Both of these "fast spin echo" imaging methods involve the acquisition of multiple spin echo signals from a single excitation pulse in which each acquired echo signal is separately phase encoded. Each pulse sequence, or "shot," therefore results in the acquisition of a plurality of views and a plurality of shots are typically employed to acquire a complete set of image data. For example, a RARE pulse sequence might acquire 8 or 16 separate echo signals, per shot, and an image requiring 256 views would, therefore, require 32 or 16 shots respectively.

It is well known that the RARE sequence, and particularly its slice selective implementation, suffers from a non-steady state behavior in the first NMR echo signals acquired during each shot. This is particularly true when the selective RF refocusing pulses are not exactly 180. This has led to the inclusion of additional RF refocusing pulses at the beginning of the pulse sequence to allow equilibrium to be achieved before data acquisition begins as proposed by Gary H. Glover, et al. in "Reduction of Non-equilibrium Effects in RARE Sequences," 10th SMRM Proceedings 1991 WIP p. 1242, and RSNA 1991 Book of Abstracts p. 142. While this may reduce image artifacts, it does so with a resulting increase in total scan time.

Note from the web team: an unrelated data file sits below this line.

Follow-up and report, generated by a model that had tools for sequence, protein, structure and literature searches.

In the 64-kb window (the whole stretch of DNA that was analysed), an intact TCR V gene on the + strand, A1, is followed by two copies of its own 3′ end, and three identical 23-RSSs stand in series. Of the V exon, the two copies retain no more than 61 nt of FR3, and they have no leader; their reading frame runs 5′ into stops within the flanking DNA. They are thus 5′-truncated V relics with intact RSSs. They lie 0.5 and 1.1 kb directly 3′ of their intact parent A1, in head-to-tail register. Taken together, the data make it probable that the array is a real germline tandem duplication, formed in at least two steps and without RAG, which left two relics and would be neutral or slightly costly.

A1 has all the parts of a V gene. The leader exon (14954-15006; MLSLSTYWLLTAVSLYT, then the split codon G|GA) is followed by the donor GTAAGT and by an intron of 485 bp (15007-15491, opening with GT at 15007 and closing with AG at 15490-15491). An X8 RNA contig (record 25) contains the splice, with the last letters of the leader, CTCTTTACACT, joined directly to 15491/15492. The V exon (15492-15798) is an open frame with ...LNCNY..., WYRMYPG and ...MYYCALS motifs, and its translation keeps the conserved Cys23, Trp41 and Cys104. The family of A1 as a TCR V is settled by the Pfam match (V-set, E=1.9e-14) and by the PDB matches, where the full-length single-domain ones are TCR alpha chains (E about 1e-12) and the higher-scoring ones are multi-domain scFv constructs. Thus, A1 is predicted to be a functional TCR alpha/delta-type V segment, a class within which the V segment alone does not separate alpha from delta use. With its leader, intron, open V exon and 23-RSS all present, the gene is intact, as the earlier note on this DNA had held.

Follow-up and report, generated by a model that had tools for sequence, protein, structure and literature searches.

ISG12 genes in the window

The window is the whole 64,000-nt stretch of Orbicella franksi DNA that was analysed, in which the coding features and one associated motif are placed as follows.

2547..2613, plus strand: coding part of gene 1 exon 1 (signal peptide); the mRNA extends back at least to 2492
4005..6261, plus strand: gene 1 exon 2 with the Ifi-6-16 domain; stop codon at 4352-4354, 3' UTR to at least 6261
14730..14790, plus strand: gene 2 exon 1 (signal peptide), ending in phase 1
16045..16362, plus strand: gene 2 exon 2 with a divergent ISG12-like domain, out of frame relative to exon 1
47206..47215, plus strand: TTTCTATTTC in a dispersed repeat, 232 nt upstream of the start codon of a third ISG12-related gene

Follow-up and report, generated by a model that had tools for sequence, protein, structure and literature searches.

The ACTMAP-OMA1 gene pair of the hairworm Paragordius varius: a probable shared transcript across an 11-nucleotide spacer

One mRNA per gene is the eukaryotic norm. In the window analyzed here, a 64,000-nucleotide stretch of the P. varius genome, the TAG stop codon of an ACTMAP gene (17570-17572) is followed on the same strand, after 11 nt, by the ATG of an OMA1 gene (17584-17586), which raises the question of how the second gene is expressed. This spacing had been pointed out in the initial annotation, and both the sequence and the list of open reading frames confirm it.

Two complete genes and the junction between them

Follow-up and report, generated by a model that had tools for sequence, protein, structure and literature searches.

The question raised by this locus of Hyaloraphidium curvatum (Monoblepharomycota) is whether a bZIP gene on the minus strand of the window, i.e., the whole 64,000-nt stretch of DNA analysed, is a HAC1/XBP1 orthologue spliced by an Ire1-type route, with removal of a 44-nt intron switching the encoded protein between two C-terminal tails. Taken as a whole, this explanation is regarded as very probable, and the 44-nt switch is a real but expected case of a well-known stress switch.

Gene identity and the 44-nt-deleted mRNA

SUMMARY OF THE INVENTION

The present invention relates to an improved fast spin-echo pulse sequence in which the magnitude of an acquired NMR spin echo signal is stabilized by shaping the RF refocusing pulse which produces it. More particularly, in a fast spin echo pulse sequence one or more RF refocusing pulses are modified by changing their modulation envelope such that the magnitude of the NMR spin-echo signals does not oscillate. In a selective RF refocusing pulse this is accomplished by treating the RF refocus pulse slice profile as a series of subslices which each have a different tip angle and which each must be separately compensated.